HomeNewsJul 20, Shih Tzu Dog Breed Profile, Information, Facts, Pictures

    Jul 20, Shih Tzu Dog Breed Profile, Information, Facts, Pictures

    Shih Tzu (pronounced “Sheet-soo”) 

    The plural and singular form of the name is the same.

    By Janice Jones   |Last Updated 07-20-2021

    If split personality could describe a small dog breed it would be this breed—laid back, couch potato, perfectly content to nap on your lap all day OR, speed demon, happy to run at top speeds around your home or yard. 

    As fearless watchdog, this breed tends to bark loudly when someone comes to the door, but then greet the visitor enthusiastic with kisses and affection. 

    Gold and White Shih Tzu

    Other than
    the occasional bark when visitors arrive, he is not as yappy as some other
    small breed dogs.

    This is a loyal,
    friendly, gentle dog that loves people and will bond with all members of the

    For those who love a dash of color, the Tzu breed is eager to please, coming in a wide array of colors, all of which are permitted under the standard. 

    From the traditional black and white, gold, and brindle come exotics such as reds, chocolates, and silvers.  There’s a color pattern for every taste.  

    Quick Facts

    Other Names Used:  Lion Dog, Chrysanthemum-faced dog

    Affiliation:  AKC: 
    Toy, UK:  Companion, CKC: Group 6,
    Non-Sporting, KC, ANKC, NZKC, FCI

    Coat Type:  Long, dense, smooth, flowing

    Colors:   Gold, White, Brindle, Chocolate, Cream,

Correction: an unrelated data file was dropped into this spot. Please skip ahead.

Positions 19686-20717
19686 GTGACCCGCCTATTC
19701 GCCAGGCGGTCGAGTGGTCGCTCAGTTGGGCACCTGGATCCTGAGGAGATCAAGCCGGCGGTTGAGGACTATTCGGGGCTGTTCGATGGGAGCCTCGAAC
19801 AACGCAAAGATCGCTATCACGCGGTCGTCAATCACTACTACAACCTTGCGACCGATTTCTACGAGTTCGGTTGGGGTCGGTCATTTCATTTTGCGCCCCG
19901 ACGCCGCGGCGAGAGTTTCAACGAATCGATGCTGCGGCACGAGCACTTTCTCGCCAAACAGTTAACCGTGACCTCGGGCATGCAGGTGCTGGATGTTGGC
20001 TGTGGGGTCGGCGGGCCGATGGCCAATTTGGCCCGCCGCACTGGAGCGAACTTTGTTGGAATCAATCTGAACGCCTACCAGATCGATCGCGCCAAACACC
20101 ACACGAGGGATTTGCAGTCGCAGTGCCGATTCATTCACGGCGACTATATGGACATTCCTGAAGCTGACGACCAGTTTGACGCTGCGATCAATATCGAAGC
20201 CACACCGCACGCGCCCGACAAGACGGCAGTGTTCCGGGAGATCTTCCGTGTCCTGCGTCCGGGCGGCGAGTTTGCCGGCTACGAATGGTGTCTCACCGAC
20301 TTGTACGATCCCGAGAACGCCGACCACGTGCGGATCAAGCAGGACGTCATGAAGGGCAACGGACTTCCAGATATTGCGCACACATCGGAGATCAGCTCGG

Black, Red—Orange, Gray and combinations of 2 and 3 colors. For a thorough discussion of Shih Tzu Colors,
    please check out Coat Colors page.

    Activity Level:  Low to moderate

    Good with Children:  Yes

    Good with other pets:  Yes

    Average Litter Size: 5-6 puppies

    Average Price:  $1000 – $2000

    Explanations for At a Glance Ratings 

    • Playfulness:  Most=5   Less=1
    • Affection:  Most=5   Least=1
    • Friendliness Towards Strangers:  Most=5  Least=1
    • Good with Children:  Good=5   Not Good=1
    • Good with Other Dogs:   Good=5   Not Good=1
    • Good for First Time Owners:  Good=5  Not Good=1
    • Amount of Exercise Required:  Much=5  Minimal=1
    • Ease of Training:   Easy=5   Difficult=1
    • Watch Dog Ability:   Excellent=5   Poor=1
    • Grooming Needs:   Extensive=5  Minimal=1
    • Shedding:   Heavy Shedding=5   Minimal Shedding=1
    • Cold Tolerance:   Cold Well Tolerated=5    Poorly Tolerated=1
    • Heat Tolerance:   Heat Well Tolerated=5   Poorly Tolerated=1

    Even though the standard size is between 9 and 16 pounds, some adult dogs are much smaller than the AKC Standard. 

    You might see these smaller versions called Chinese Imperial or Imperial Tzu, but they are not identified as a separate breed as may be the case in the Poodle. (i.e. Toy, Miniature, Standard), but are nonetheless miniature versions of the normal sized Shih Tzu dogs.